So what do you think those rights and responsibilities should be? You see the answer I have right now, which could be reframed into rights and responsibilities:
    ...that we
  3. Ghost

    Ghost Chosen One star 7

    Oct 13, 2003
    So, to restate my original topic, while incorporating everybody's comments and my answers to them:

    [blockquote]What are the universal values of morality & justice?

    Cultural relativism exists; customs and habits in one culture may be considered alien or vulgar by another culture.

    But does moral relativism exists? I would say no.

    Some say the absence of proof of God means that abstract values are ultimately determined by humans... but I would argue that there are universal values of what is moral and just among us humans, even if it's still evolving.

    What are these values? Can we anyone up with a complete list? Our instinctual sense of empathy, what we do not want done to ourselves and others we care about, a thought experiment where you imagine what laws would be needed if every person had unlimited power, what universally-observed values would create a paradise, the Golden Rule found in many major religions, Kant?s Categorical Imperative, Rawls? Veil of Ignorance? these are all good guidelines, getting us to ask the right questions, but what are the answers? What is a complete list of values that we all should be able to agree on? Basically, a modern, secular version of the Ten Commandments.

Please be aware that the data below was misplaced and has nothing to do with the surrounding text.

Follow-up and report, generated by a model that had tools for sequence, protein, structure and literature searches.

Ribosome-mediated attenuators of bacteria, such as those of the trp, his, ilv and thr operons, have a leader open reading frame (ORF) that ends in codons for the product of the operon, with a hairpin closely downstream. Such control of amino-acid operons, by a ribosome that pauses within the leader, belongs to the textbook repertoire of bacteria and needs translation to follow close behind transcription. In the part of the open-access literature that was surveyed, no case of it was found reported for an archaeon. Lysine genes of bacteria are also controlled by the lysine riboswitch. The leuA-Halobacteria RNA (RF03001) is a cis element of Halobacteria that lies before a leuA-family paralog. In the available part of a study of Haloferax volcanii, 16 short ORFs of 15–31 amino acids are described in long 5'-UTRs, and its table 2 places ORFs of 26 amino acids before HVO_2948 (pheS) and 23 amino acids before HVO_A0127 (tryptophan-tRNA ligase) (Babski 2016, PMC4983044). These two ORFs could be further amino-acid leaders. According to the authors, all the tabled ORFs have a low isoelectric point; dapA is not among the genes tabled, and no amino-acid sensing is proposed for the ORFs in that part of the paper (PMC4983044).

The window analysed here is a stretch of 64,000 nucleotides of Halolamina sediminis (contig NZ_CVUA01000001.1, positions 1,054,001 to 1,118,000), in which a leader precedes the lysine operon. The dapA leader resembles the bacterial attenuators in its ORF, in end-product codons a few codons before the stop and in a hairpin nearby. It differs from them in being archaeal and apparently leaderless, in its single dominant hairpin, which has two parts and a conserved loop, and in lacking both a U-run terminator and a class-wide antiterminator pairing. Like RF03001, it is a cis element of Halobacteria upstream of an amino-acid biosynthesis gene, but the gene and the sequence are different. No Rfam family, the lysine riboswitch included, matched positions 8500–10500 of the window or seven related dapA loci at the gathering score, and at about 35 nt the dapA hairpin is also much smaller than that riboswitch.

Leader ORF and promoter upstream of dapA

To start us off, my opinion... I see our universal sense of morality and justice being based around our respect for the following:

    Respect for Life
    * Physical well-being... against murder, physical harm/assault/abuse/harassment, physical torture, degradation or disrespect of dead bodies
    * Psychological well-being... against brainwashing, psychological harm/assault/abuse/harassment/distress, psychological torture, insulting, damaging another?s reputation, intentionally putting someone in a coma, intentionally putting someone through severe emotional distress
    * Sexual well-being... against rape, and other forms of sexual harm/assault/abuse/harassment/violation
    * Liberal well-being ("liberal" for lack of a better adjective)... against kidnapping/imprisonment/abduction/trafficking, slavery/servitude/coercion, discrimination, violation of privacy

    Respect for Property
    * Ownership... against theft/robbery/burglary, trespassing
    * Preservation... against vandalism/arson/damage/destruction (including not only private property, but also common property like the natural environment)